President of the Court of Appeal, Justice Monica Dongban-Mensem, and the Administrator of the National Judicial Institute (NJI), Justice Rosaline Bozimo (retd.) have urged the Judiciary to help speed up hearing in cases involving the Asset Management Corporation of Nigeria (AMCON) and its recalcitrant obligors before their courts.
The duo urged that justice must be dispensed within the ambit of the law.
Also, AMCON Managing Director/Chief Executive Officer, Mr. Ahmed Kuru, said the corporation has a number of legal issues in different courts with its obligors.
He explained that non-collection of the debts, which is in the excess of N5 trillion, would have negative effect on national resources.
Kuru expressed appreciation to the Judiciary for sustaining the AMCON Task Force in the four divisions of the Court of Appeal to fast-track the corporation’s appeals.
AMCON, he said, currently owes more than N4 trillion to the Central Bank of Nigeria (CBN), which could even rise to almost N7 trillion by 2024 at the current rate of inflation.
The AMCON chief said this was why Federal Government’s sister agencies should ensure that the debtors, who he said intended to cripple the banking sector before AMCON was set up, are made to repay the debt that is weighing down the economy.
The justices and the AMCON chief spoke at a two-day annual seminar for Justices of the Courts of Appeal in Abuja.
The event was jointly organised by the NJI and Legal Academy with the full complement of AMCON management.
On her expectations of the Judiciary to enable AMCON succeed, Justice Bozimo said: “The role of the Judiciary in the execution of AMCON mandate cannot be over-emphasised.
“This is understandable, considering that the distinguished Bench is indispensable to the realisation of the enormous powers conferred on the corporation by the AMCON Act.
“It is through these interactions that the Judiciary will be sensitised on the complex role AMCON plays at ensuring the sustenance of the financial system stability in Nigeria. The level of financial stability currently enjoyed in the country is solely attributable to the role played by AMCON in offloading toxic portfolios from the balance sheets of banks thus enabling the banks to perform their intermediating role in the macro-economy.”
The Appeal Court president noted that it is evident that AMCON is bound to confront challenges and difficulties in its efforts to realise its mandate.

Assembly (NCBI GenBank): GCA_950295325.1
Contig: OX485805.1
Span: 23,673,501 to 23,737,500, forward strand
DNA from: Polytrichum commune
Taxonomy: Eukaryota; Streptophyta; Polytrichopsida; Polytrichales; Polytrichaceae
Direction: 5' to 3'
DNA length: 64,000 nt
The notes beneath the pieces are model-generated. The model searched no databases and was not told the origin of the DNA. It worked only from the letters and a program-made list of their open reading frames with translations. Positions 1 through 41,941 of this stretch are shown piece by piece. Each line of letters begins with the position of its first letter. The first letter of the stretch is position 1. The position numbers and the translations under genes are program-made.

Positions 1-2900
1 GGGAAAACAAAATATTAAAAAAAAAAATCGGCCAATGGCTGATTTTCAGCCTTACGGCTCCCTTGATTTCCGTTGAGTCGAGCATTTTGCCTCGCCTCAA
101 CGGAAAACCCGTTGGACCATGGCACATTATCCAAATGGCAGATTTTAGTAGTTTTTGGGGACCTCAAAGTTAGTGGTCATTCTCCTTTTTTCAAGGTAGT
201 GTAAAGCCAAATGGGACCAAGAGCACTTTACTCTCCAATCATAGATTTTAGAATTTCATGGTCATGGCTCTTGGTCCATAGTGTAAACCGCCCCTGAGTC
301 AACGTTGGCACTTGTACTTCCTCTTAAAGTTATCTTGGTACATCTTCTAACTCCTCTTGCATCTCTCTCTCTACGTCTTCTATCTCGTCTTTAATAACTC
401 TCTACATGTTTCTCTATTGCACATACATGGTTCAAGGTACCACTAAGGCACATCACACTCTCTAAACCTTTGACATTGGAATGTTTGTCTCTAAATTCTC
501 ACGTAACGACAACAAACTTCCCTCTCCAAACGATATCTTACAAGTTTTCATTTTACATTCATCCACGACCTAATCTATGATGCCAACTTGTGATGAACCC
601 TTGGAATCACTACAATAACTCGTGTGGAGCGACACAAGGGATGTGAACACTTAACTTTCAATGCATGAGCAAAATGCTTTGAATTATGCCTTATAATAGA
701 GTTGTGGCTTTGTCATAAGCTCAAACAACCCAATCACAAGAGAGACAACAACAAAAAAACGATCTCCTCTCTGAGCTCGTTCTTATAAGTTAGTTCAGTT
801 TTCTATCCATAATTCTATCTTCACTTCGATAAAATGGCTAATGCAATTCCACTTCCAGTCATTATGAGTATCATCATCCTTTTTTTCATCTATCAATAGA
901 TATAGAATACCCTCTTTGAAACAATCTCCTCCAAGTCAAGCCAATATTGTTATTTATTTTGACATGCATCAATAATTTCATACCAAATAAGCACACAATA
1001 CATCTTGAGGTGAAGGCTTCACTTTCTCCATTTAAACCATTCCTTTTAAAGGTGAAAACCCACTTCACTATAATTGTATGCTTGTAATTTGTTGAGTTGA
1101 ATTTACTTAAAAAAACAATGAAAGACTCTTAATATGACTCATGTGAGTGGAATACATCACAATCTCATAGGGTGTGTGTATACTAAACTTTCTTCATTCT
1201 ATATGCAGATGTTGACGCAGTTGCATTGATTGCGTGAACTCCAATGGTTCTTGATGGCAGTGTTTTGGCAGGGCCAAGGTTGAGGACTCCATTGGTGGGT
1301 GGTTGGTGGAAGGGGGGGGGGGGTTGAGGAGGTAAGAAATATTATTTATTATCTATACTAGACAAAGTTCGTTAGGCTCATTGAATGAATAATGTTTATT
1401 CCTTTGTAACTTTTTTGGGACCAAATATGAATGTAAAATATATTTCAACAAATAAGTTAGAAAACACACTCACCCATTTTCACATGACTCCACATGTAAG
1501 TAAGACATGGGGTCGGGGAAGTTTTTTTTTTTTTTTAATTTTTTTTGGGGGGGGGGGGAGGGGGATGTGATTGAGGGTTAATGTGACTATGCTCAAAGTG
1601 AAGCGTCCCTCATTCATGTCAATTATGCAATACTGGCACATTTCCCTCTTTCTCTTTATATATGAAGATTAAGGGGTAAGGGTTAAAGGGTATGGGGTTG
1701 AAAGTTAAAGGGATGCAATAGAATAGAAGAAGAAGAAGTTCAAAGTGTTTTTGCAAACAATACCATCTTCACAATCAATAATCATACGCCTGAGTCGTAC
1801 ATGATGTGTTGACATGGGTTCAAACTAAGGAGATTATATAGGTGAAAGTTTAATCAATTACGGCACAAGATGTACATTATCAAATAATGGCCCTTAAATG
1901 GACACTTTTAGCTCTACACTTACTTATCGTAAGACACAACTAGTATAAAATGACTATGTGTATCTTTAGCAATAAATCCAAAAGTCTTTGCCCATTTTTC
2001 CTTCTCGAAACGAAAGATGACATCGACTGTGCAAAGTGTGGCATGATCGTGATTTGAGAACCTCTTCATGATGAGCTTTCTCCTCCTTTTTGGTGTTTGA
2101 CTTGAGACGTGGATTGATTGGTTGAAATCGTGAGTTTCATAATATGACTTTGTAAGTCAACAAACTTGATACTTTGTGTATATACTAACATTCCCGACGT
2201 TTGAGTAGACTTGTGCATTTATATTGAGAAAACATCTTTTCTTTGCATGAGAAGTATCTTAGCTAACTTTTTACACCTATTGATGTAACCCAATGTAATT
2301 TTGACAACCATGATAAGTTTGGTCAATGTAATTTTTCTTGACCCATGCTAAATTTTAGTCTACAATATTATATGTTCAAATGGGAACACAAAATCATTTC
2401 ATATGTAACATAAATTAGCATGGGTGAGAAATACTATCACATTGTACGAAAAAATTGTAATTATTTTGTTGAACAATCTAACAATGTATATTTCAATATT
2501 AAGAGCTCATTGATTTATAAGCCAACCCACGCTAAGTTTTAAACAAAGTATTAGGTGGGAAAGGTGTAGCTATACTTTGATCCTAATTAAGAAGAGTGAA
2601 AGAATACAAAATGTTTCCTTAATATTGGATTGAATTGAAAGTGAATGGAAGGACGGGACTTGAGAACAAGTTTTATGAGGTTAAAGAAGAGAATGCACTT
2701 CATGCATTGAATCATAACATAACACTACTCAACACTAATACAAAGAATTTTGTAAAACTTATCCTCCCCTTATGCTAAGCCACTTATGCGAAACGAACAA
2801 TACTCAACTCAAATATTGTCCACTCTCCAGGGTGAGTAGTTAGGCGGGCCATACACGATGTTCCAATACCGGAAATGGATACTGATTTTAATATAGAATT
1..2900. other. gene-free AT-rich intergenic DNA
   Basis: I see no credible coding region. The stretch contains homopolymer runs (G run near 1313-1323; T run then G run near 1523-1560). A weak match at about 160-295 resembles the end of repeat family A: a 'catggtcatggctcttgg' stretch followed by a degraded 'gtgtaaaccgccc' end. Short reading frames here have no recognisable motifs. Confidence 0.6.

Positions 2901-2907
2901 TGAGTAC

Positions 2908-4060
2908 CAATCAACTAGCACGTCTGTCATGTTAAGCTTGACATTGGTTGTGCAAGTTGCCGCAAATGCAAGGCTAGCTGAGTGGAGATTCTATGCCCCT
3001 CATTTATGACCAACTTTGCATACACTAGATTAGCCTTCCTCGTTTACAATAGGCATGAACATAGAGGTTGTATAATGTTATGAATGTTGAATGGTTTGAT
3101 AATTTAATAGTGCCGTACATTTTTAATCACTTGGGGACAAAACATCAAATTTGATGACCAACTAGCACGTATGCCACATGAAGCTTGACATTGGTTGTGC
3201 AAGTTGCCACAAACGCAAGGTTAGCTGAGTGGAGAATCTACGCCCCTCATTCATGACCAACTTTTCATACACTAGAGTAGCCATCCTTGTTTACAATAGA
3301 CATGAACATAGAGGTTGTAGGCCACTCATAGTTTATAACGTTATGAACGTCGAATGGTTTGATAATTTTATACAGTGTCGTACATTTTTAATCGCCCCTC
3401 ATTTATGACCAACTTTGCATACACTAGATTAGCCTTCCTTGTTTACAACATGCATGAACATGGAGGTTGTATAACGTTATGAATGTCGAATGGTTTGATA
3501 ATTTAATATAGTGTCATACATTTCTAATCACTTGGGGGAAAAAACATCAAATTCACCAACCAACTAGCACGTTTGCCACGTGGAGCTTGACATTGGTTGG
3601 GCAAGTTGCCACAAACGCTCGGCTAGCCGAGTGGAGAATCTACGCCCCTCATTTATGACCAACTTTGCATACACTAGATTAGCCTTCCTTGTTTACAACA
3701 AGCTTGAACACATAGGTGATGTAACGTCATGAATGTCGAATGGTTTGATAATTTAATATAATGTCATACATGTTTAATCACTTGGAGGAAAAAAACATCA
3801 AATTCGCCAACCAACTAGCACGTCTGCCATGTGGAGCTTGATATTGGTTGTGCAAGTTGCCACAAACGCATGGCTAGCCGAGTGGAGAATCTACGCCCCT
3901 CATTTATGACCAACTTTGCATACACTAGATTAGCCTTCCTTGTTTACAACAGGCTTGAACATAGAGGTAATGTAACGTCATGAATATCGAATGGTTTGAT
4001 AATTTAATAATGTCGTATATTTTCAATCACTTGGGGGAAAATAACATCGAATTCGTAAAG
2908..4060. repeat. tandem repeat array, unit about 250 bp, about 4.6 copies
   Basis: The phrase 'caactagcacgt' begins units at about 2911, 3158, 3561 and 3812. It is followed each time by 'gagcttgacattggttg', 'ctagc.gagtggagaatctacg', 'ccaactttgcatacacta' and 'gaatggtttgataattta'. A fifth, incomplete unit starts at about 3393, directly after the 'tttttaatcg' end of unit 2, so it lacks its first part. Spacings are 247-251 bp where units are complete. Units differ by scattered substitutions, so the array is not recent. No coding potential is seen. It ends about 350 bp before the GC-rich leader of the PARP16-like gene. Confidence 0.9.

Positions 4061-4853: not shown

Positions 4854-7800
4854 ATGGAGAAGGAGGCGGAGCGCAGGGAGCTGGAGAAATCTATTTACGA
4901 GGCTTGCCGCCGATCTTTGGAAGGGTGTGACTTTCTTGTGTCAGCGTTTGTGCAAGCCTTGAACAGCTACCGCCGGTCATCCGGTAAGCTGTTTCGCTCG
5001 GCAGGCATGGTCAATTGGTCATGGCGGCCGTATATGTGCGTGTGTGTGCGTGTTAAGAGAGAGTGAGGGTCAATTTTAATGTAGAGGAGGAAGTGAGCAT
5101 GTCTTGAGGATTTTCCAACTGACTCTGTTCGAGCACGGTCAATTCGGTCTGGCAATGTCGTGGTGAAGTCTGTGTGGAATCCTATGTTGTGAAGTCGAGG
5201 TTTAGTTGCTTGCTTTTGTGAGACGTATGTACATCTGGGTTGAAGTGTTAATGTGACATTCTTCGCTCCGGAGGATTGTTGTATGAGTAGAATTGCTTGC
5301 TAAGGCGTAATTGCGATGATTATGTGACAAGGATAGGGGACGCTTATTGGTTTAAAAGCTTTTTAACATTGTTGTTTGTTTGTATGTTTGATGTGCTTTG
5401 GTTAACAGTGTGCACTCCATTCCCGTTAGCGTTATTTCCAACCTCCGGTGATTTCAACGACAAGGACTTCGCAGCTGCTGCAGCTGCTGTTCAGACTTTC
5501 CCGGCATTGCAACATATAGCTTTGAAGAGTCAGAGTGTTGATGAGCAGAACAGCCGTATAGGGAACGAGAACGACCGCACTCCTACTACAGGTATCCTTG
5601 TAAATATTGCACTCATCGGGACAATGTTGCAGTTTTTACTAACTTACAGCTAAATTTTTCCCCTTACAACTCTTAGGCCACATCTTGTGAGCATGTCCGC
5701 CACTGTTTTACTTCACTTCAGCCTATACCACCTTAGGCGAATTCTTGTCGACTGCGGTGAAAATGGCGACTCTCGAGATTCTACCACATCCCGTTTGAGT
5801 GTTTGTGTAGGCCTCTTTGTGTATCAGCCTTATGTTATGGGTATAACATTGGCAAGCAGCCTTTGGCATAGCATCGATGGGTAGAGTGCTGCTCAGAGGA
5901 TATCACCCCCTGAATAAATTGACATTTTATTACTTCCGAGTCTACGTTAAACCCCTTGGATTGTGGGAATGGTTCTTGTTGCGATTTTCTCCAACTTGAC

She said it was in order to overcome the challenges that the NJI ensures that the Judiciary, especially the judges, are sensitised and provided with updates that have to do with the AMCON regime at all times.
Justice Bozimo said: “AMCON’s intervention in the economy at the time it was set up by the Federal Government ensured the integrity of banks and saved their employees from sudden and untimely disengagement. In other words, with the establishment of AMCON, Nigerian banks were saved from imminent collapse and their employees secured from retrenchment.”
Justice Dongban-Mensem recalled that the 2007-2009 global financial crisis had severe impact on the economies of many countries, including developing economies like Nigeria.
The jurist said this was the reason AMCON was set up.
She stressed that the corporation, having made sure that the financial system in Nigeria did not collapse, wanted all sister agencies of government to ensure AMCON recovers its outstanding huge debt from its recalcitrant obligors who she said were exploring judicial technicalities to gain more time.
She said: “Although Nigerian banks were restructured prior to the financial crisis through consolidation, the restructuring did not shield Nigerian banks from the effects of the crises. In fact, the crisis further exposed other lapses in the system that needed to be addressed in order to prevent total collapse.
“The Nigerian government responded by establishing AMCON to help in stimulating recovery of the Nigerian banking system through buying non-performing assets of troubled banks.
“Eight factors were primarily responsible for the crisis in Nigeria. They include macro-economic instability caused by large and sudden capital inflows, major failures in corporate governance in banks, lack of investor and consumer sophistication, inadequate disclosure and transparency about the financial position of banks, critical gaps in regulatory framework and regulations, uneven supervision and enforcement, unstructured governance and management processes at the CBN/and weaknesses in the business environment.”
Insisting that the Judiciary must support AMCON to recover the debt, Justice Dongban-Mensem added: “In the wake of a financial crisis, banks found themselves saddled with plethora of defaulting loans. In addition to causing default, the crisis typically led to depreciation in the value of securities created against these defaulting loans thereby leaving banks with an unfortunate inability to recoup their losses.”
In this article: